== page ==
A Generation Gone

I find it sad when I meet the children of faithful members and I ask them where they live and they say, “Oh, I live here in Enid.” Then I find out they are going to a church of another denomination.

As a parent I know that we only have so much influence on our children. But I look at my congregation and see an entire generation missing from our pews. Seriously. There are exceptions, to be sure. But I wonder what happened then, and what happens now, and what I can do as a parent and pastor to prevent that in the future.

Any ideas?

8 comments on “A Generation Gone

  1. I think we need to worry more about teaching the Truth to children, making them know the difference between what is good, right, and true and what is false though appealing.

    Too often we think about youth things in terms of what will appeal to them — but faith is not a matter of making things look pretty and nice – it is seeing and understanding the reality of sin in this world and the reality of Salvation. Folks might still wander from the Truth, but at least they will have known the Truth, and know where Truth resides.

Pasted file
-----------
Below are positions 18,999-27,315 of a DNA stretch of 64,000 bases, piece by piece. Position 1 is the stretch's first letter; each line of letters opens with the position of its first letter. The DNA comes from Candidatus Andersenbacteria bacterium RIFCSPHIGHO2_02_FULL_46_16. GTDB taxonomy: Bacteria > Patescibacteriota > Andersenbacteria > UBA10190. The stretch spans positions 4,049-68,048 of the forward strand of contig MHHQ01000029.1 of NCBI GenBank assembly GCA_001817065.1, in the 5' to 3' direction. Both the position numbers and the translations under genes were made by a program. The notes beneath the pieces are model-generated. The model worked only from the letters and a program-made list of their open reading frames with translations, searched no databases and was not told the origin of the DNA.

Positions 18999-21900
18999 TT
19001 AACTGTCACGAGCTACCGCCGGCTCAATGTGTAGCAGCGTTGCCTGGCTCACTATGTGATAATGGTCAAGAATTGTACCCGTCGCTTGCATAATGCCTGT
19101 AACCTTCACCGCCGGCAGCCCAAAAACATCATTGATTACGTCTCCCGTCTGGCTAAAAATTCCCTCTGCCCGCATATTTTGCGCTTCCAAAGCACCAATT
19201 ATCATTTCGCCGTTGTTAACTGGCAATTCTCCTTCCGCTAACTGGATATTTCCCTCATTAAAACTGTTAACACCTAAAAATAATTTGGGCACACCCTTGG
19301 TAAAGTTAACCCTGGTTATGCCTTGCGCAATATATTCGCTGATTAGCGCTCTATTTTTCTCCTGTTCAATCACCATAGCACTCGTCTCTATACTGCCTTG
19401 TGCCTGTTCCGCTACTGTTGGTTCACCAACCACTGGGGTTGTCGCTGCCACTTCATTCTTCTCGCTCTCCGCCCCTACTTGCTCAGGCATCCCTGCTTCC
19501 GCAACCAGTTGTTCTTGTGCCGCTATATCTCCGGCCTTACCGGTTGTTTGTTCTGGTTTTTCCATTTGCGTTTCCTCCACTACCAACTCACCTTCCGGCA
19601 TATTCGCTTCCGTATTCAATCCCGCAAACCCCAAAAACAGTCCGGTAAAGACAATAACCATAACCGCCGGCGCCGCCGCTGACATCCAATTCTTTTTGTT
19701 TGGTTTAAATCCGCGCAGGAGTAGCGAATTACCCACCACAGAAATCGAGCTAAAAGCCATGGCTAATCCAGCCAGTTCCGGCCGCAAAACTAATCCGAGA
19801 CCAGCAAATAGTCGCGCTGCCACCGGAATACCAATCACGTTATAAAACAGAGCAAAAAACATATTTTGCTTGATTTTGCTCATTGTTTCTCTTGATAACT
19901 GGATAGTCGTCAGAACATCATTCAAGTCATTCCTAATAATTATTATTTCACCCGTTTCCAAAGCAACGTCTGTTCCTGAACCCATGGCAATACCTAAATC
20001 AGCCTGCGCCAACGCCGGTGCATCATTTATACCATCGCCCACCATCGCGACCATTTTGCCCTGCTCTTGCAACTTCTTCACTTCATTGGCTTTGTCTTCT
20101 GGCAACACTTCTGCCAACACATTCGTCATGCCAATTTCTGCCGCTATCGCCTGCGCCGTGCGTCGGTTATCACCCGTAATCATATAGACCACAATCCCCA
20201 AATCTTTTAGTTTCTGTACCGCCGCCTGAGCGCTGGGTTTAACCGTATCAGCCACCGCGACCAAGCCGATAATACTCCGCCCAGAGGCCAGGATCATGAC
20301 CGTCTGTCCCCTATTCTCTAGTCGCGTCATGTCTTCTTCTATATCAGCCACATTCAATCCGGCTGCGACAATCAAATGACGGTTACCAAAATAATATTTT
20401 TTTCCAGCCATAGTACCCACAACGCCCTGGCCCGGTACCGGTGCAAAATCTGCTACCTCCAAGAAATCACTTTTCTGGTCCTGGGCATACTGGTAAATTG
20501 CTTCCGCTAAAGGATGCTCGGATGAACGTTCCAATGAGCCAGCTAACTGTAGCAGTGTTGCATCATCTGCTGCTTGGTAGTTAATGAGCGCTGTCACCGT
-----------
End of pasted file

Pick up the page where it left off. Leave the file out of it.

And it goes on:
I fear we’ve simply taught a generation to leap frog from place to place chasing after whatever scratches their itchy ears.

  2. This isn’t simply an issue facing confessional Lutheran, conservative, Protestant, Catholic or Christian churches. My sense is it cuts across religions, even. Even in churches with ‘significant growth’, the dirty little secret seems to be attrition, as well as an inability to hold members across generations who might hop to another church.

    Going on the offense helps, but the enemy usually looks too much like what ‘conservatives’ or ‘liberals’ rail against rather than what Christ asks us to war against. The focus must be more on the unchurched and non-Christian than other kinds of Christians who aren’t ‘really’ Christian (or at least not really right about what Christianity “is”). Growth is only growth if the new members aren’t coming from another church, otherwise it’s rearranging deck chairs on the Titanic.

    The hard fact must also be faced that the problems most denominations were born to counter no longer exist in the forms they were originally protested against. That is, the culturally specific concerns of 16th century Europe in matters of faith are not the concerns of 21st century America – even if the points being addressed then are important. The philosophical/intellectual categories underlying much in the way of Protestant formulations is simply not shared by the mainstream today, for good or ill (or both). Much the same can be said of late classical, medieval and non-western categories assumed by much of RCism and Orthodoxy.